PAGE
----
It will be recalled that the original bill as passed by the Senate had no termination date. The House committee, however, placed a termination date on the program under the theory that since it was a new and different solution to a problem, and since it had never been previo"sly tried, it would be well to put a 4-year termination date upon the act to give Congress an opportunity to review its value.
I am sure the committee is satisfied that the incentive payment program under the act is proving to be a sound solution to the problem confronting wool. The program has provided a good domestic price without adversely affecting foreign trade and without putting the Government in the business of storing and merchandising wool supplies.
The program is functioning. It is restoring confidence in the industry. The revenue from wool imports is more than paying the cost of the program. Renewal of the program is necessary to retain the gains already made and give the growers sufficient confidence to expand wool production.
While I personally believe that the l'Itimate solution of this problem and the problems of many other domestic ind' stries is an adequate protective tariff, I am confident that s ch is not prartiral at this particvlar time and until adeqraté tariffs and import g otas can he assessed, to protert the domestic wool ind stry, along with the other domestic ind stries, it is, I believe, absol' tely essential that we extend the National Wool Act of 1954 for an additional 4-year period.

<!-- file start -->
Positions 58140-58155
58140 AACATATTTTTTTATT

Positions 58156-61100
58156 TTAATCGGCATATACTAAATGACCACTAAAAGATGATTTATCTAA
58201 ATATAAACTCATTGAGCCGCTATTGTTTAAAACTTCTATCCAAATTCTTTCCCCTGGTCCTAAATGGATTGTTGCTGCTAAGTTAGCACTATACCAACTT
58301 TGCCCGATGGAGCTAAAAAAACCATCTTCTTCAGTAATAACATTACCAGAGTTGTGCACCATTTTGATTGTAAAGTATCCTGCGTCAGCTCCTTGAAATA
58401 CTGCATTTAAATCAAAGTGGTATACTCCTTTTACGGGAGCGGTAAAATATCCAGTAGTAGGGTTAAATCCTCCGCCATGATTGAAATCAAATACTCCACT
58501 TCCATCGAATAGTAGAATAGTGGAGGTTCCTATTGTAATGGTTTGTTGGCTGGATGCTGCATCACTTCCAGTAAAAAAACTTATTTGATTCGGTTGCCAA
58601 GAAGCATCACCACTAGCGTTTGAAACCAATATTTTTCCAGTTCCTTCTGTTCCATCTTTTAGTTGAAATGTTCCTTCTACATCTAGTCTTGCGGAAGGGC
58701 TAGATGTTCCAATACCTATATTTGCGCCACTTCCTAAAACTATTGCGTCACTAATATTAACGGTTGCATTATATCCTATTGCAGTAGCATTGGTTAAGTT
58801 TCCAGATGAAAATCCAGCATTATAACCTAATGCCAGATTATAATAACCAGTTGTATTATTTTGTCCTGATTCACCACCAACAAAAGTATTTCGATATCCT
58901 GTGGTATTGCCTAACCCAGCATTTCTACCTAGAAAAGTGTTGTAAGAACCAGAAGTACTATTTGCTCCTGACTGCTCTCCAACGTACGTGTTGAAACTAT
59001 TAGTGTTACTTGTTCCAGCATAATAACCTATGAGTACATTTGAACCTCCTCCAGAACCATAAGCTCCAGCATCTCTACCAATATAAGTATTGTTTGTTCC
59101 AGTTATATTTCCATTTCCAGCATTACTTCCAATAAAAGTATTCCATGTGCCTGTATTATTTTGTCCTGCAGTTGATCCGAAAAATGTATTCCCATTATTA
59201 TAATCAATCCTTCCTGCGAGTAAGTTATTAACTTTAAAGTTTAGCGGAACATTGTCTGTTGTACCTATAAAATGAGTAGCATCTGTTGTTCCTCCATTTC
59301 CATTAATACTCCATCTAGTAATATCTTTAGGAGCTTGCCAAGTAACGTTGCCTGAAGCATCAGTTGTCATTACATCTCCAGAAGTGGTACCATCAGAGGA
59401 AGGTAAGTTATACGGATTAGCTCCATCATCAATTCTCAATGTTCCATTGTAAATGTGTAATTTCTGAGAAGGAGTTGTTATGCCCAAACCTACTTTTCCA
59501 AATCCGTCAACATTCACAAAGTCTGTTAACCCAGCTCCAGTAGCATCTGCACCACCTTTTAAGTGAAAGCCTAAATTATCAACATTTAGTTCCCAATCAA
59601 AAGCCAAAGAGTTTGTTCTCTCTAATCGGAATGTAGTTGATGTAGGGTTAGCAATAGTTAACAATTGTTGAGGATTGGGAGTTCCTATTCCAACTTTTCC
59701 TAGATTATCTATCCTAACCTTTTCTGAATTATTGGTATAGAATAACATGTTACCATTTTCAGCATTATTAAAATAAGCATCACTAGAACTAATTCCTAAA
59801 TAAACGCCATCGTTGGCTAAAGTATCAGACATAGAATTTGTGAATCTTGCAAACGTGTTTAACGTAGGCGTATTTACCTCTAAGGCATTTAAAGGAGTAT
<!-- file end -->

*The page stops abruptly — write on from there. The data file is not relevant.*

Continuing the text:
I thank you for your consideration and your early and favorable action on this bill.
Mr. MATTHEWS. We go next to Mr. Marvin McLain, Assistant Secretary of Agriculture.
We are delighted to have you with us, sir.
STATEMENT OF HON. MARVIN L. MCLAIN, ASSISTANT SECRETARY ;
ACCOMPANIED BY FRANK W. IMMASCHE, COMMODITY STABILIZATION SERVICE, AND F. RICHARD BURKE, AGRICULTURAL MARKETING SERVICE
Mr. McLain. I have a prepared statement, together with some charts and tables which, with your permission, I should like to present for the record, if that will be agreeable.
Mr. MATTHEWS. Without objection, that may be done.
Mr. McLain. After we finish the statement, we will be glad to answer any questions you might have.